and that the n-th term inthis is T(n) = x^n/n! It is trivial to show that T(n+1) = x*T(n)/(n+1).

You seem to understand this part, which is what I don't get. Care to explain?

If its so trivel post the code. Your code needs to come up with
562262574607502830000000000000000000000000000000
00000000000000000000.0000000000


That number is too huge for normal c-language math.

Thanks Dragon for helping me for the last couple hours. I added the teacher's question to see if it helps you any. Strange question tho, the teacher basically said create a program that calculates e^x. And thats basically it! Well that and use a while loop to do it. Then he gives us that sample program, which posted 2 scenarios one with an input value of 1 and the other with the input value of 156 which gives u that huge number u posted above.

I wish I had more information for you, but thats basically it lol. I think i should change teacher's next semester lol.

Start with T(0) = 1.

In a loop use the fact that T(n+1) = x*T(n)/(n+1) to compute each term. Add the terms together.

Comments
HE IS THE SOLVER OF e^x! GENIUS!

Can you explain in detail how your math formula relates to my code? I think you understand the problem, but I can seem to relate that formula to my loop. Another issue is how can you store such a giant number to output to the terminal?

Take this simple example:

long long answer = 1;
double result = 0;
int currentFactor = 1;

while ( result > 1.0E-20) {
	pow_x *= x;
	result = pow_x / factorial ( currentFactor );
	currentFactor++;
	answer += result;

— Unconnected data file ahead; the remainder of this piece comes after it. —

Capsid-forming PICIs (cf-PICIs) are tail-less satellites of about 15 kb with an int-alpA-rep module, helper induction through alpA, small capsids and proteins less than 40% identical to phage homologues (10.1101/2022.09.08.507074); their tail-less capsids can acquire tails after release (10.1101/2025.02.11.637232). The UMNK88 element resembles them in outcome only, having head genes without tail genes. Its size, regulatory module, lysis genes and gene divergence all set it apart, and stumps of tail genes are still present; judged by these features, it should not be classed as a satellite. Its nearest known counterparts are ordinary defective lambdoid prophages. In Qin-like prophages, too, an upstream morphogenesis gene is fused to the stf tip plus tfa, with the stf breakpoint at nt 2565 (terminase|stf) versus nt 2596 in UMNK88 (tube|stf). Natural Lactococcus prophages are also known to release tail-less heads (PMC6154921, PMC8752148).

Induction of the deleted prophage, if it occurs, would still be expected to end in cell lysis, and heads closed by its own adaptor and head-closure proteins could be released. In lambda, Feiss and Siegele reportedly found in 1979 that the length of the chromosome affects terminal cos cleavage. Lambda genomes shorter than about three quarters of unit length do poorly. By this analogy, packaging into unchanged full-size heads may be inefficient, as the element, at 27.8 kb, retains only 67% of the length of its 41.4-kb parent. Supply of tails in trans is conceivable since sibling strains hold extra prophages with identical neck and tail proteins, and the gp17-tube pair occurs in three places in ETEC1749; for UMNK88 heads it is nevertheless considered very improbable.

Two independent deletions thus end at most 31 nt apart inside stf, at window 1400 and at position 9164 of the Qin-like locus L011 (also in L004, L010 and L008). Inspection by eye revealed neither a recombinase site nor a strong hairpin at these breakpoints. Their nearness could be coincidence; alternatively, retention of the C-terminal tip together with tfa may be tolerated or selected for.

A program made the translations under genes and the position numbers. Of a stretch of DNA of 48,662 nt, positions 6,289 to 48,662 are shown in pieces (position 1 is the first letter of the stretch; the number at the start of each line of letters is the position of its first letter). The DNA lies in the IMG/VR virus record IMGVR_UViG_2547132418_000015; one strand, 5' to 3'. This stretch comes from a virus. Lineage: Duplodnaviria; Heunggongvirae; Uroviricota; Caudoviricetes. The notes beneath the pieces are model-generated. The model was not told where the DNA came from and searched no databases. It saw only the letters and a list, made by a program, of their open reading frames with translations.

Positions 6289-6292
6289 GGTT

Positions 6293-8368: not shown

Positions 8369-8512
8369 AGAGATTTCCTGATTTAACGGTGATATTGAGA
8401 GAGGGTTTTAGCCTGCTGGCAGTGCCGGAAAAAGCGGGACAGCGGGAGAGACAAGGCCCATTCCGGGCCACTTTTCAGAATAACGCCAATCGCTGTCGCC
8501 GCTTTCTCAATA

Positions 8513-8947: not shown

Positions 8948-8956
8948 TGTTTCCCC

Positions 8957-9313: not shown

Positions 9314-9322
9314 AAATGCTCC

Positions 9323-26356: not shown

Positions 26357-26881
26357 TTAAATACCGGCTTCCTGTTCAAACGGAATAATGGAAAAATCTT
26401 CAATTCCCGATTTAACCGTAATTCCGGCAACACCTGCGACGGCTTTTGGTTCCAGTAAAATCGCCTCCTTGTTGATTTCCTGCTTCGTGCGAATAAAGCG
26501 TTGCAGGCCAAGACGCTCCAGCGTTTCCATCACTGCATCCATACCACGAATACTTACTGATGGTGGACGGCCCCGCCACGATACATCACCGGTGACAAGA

}

In my code, the loop will continue as long as the result of each calculation is greater than 0.00000000000000000001 (or something close to that which is a puny number).

pow_x *= x // this part calculates the x^1 part and goes up as more loops happen, for example when the second loop happens, it changes to x^2 and then x^3 and so forth.

pow_x then gets divided by factorial (currentFactor) which increments with each loop, ie. 1! for the first loop, then currentFactor increments so then 2! is next and 3!

then answer stores each calculation result and increases with each loop hence the answer+=result part of the loop.

In the end, it should keep looping until some crazy huge number is divided into another huge number, which should eventually reach a very small value less than 0.0000000000000000000001 and stop looping and stop. Which is what its doing now, however, the numbers after 20! appear to overflow due to insignificant digits available in the long long data type declaration.

Somehow though, my teacher's program can enter an x value of 156, which means 156^1 / 1! is the first iteration, and 156^2 / 2! is the second iteration and so forth, until hes comes up to that giant 560000000000000000000000000 number that isn't even possible to store.

Start with T(0) = 1.

In a loop use the fact that T(n+1) = x*T(n)/(n+1) to compute each term. Add the terms together.

Maybe you can simply explain what your T, n and x represent? From what I see, x is the value the user inputs and I have no idea where your n comes from. Like in your formula, the most I can see is:

cin << x;

n = ?
T = ?

Maybe you can use your formula in an actual code example?

Maybe you can simply explain what your T, n and x represent? From what I see, x is the value the user inputs and I have no idea where your n comes from. Like in your formula, the most I can see is:

cin << x;

n = ?
T = ?

Maybe you can use your formula in an actual code example?

Let's use an example and calculate e^4 power. By your formula,

e^4 = 4^0 / 0! + 4^1 / 1! + 4^2 / 2! + 4^3 / 3! + 4^4 / 4! + ...

So x = 4, as in e^4.

e^4 = T(0) +  T (1) + T (2) + T (3) + T (4) + ...

where

T(1) = 4^1 / 1!
T(2) = 4^2 / 2!
T(3) = 4^3 / 3!
...
T(n) = x^n / n!

That's where the T and n come in.

T (n) = x^n / n!

T (n+1) = x^(n+1) / (n+1)! = 
(x * x^n) / (n+1)! =
(x * x^n) / ((n+1) * n!) = 
(x / (n+1)) * (x^n / n!) = 
(x / n+1) * T(n)